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You Can't Adopt a Child on Yahoo Anymore, But You Still Can on Facebook
Monday, September 09, 2013 - 11:06 AM
Essentially, what's going on is adoption, Craigslist-style. People post adoption listings online, strangers choose the children. The process bypasses any meaningful regulatory system. No one's really checking on the bona fides of the new parents nor checking in on the kids after they're placed. It's a quiet horror story. One of the children profiled is a young girl named Quita, who is legitimately adopted by a woman named Melissa who later uses the internet to pass her off to the Eason family.
The Easons "seemed wonderful." Had she vetted them more closely, she might have discovered what Reuters would learn:
• Child welfare authorities had taken away both of Nicole Eason's biological children years earlier. After a sheriff's deputy helped remove the Easons' second child, a newborn baby boy, the deputy wrote in his report that the "parents have severe psychiatric problems as well with violent tendencies."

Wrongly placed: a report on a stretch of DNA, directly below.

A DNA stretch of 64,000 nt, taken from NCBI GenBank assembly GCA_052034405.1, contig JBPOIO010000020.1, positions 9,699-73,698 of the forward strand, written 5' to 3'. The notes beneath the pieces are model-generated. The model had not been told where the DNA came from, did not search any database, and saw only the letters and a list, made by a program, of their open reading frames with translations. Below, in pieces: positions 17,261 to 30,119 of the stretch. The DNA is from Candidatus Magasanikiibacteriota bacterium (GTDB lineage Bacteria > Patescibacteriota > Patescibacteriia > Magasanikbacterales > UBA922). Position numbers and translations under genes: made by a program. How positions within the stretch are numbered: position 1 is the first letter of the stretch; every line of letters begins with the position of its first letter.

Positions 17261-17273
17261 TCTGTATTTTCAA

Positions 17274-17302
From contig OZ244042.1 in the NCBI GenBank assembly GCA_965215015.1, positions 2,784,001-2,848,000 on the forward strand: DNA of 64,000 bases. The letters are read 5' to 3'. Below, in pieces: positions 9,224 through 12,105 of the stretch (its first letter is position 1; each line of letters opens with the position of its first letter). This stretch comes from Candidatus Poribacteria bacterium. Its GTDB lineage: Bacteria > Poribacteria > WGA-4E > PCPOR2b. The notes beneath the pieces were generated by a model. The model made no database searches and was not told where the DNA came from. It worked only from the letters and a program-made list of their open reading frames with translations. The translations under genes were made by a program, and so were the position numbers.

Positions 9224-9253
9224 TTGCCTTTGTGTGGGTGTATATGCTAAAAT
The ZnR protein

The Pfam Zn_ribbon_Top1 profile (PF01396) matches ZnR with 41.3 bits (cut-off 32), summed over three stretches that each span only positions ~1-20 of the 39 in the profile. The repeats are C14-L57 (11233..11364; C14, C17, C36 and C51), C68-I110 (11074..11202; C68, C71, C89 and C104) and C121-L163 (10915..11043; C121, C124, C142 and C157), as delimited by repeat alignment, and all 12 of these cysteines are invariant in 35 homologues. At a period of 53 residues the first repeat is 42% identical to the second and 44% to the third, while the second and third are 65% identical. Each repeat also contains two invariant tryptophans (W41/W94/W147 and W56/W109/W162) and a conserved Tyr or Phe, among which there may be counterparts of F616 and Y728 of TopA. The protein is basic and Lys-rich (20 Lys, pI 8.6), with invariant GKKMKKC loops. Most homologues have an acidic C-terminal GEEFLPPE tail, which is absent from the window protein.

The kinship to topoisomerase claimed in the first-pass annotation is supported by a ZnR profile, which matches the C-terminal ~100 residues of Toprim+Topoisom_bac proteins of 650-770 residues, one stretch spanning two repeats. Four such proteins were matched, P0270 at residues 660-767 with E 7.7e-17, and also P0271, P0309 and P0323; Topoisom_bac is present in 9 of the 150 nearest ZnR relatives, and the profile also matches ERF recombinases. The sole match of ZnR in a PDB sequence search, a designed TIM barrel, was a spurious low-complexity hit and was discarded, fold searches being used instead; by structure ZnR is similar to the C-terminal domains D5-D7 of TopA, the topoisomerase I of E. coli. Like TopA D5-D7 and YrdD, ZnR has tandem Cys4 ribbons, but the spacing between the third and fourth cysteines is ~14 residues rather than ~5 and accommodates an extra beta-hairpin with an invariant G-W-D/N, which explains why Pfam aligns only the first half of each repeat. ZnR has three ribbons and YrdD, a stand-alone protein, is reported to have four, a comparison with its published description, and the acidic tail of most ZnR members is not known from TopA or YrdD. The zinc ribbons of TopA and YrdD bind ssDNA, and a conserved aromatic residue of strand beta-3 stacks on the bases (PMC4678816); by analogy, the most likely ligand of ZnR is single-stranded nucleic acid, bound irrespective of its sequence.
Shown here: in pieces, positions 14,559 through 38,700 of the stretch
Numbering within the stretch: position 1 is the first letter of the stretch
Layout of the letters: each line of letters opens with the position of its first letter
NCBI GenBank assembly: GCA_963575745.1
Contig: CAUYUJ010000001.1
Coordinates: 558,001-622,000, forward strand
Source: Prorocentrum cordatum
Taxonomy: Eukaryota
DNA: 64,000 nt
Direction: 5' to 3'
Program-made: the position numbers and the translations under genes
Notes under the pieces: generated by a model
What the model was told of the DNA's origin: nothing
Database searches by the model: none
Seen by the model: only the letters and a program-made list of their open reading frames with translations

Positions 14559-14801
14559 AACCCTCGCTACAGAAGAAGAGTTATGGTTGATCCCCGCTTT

• The Easons each had been accused by children they were babysitting of sexual abuse, police reports show. They say they did nothing wrong, and neither was charged.
• The only official document attesting to their parenting skills – one purportedly drafted by a social worker who had inspected the Easons' home – was fake, created by the Easons themselves.
Reuters found that much of this informal adoption happens on Yahoo. Following the Reuters report, Yahoo shut down those forums. However, online, unregulated adoption also exists on Facebook, and Facebook has refused to intervene. Here's the relatively jaw-dropping quote from their spokesperson: "...the Internet is a reflection of society, and people are using it for all kinds of communications and to tackle all sorts of problems, including very complicated issues such as this one."
Facebook's decisions about what to censor and what to let lie are often head-scratchers. Nude art's been taken down. Breast-feeding photos are OK, but only if the child is actively nursing. Usually, the inherent arbitrariness inherent in these decisions is silly and frustrating but not deeply consequential. Here, the difference is that actual human misery seems to be furthered by Facebook's permissiveness.